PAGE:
What are your future goals in life?
I will be a successful, God fearing, business woman. I don’t want to be too rich, because I don’t want to be cocky. I want to be able to say I’ve own franchises that I’ve owned more than ten businesses. Different types. I want to be there for my kids, instead of working so hard, which means, I have to work hard now to be able to reach to that point.
How does your relationship with your significant other encourage the woman you hope to be? What advice do you have for women who want to have a healthy relationship?
Well, I’ll say this, just let that person push you to be the best you can be. The same way Lawrence, my boyfriend, pushes me to be the best I can be. I used to say yes to everything. He has taught me to not always say yes. He basically pushes me to not be a push over. He pushes me towards Christ as well. If you’re looking for advice, I would say someone who will lead you closer to Christ, not the world. That’s the best thing you could ever have.
Do you think you’re in a good place in life?
I appreciate the place I am in life. I could be in a better place, because I’m not comfortable yet. However, I’m thankful for where I am. I’m not where I used to be even yesterday. God is always elevating me someway somehow.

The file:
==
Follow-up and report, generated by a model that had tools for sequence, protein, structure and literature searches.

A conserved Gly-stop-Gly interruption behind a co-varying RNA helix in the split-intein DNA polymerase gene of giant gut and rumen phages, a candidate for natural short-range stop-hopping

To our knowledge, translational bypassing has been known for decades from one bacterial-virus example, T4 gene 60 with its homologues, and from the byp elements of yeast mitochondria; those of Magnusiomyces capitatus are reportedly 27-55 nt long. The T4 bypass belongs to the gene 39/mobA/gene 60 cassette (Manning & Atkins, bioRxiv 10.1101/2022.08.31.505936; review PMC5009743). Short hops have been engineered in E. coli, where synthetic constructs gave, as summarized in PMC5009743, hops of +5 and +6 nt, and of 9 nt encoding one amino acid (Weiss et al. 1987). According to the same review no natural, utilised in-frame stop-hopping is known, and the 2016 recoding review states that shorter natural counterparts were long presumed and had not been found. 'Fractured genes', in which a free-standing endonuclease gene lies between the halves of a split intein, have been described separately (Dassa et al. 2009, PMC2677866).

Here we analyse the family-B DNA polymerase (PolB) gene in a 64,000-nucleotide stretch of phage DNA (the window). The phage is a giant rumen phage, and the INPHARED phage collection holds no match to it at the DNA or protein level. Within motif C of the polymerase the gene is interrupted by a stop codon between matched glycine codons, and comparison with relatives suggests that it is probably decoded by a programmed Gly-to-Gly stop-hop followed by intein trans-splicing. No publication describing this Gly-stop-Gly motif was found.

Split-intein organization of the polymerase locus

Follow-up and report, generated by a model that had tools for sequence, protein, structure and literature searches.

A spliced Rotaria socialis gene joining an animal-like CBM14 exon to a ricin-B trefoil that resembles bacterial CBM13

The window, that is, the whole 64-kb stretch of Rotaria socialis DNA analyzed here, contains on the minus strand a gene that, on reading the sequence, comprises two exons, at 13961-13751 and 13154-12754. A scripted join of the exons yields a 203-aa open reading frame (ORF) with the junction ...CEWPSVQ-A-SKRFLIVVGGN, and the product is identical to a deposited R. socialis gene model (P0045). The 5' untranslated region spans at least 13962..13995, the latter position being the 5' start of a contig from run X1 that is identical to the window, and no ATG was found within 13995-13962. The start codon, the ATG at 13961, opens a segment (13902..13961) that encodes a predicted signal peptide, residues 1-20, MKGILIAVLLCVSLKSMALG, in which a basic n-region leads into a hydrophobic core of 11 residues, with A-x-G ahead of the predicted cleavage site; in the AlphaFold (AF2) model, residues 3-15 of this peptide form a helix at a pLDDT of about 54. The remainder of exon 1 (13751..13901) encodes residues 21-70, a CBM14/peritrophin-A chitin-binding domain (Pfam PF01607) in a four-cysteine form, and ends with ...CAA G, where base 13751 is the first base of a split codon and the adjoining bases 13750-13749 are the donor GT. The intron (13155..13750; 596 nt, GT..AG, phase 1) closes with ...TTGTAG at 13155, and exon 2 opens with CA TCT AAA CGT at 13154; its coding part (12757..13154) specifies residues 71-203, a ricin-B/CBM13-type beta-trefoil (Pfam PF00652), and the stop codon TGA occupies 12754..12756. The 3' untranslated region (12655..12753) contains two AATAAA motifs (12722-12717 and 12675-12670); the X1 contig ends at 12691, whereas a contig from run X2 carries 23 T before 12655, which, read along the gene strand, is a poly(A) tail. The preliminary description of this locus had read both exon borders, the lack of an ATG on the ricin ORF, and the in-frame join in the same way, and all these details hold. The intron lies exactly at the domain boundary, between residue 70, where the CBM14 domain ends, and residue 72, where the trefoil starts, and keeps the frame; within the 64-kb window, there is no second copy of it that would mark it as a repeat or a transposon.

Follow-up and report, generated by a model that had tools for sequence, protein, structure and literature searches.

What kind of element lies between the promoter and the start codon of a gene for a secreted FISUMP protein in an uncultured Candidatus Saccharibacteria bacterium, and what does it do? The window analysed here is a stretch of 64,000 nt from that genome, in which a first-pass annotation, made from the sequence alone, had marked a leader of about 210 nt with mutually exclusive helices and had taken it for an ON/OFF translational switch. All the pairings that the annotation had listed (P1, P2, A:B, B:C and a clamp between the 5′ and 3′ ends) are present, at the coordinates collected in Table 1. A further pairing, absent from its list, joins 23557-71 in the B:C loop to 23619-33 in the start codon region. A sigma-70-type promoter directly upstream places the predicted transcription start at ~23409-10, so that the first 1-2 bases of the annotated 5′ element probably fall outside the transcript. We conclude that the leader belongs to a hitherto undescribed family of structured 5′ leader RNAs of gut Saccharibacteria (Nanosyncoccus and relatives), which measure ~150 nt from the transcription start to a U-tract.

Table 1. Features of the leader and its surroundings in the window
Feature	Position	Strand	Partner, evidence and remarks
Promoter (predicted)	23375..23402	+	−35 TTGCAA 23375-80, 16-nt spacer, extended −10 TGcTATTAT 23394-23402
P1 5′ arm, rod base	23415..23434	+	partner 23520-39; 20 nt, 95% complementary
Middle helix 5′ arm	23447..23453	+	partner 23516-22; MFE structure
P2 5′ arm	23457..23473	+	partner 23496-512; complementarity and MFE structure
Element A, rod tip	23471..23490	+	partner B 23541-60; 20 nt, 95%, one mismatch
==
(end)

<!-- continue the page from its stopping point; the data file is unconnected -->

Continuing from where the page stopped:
What advice can you give to our readers who have been through similar situations/insecurities?
Pray. Find your confidence in Christ. Social media has a view of what’s successful, what’s beautiful, what’s right, but it’s all wrong. Beauty is in the eye of the beholder. On social media, it may seem like I wear makeup often, I do not. I have gone weeks and even months without make up. The reason I do that is so people can get used to Ruth. And every once in a while they’ll meet Stacy, my alter ego. So love yourself. Regardless of what people say, you are beautiful. People called me ugly most of my life and throughout school. “The African girl” I am still that same person! I can just do a little bit more make up. Now those same people call me beautiful with or without make up. It doesn’t matter what people say. You’re the same person.
Check out Ruth’s work on Instagram @STACYOMOYORUBA.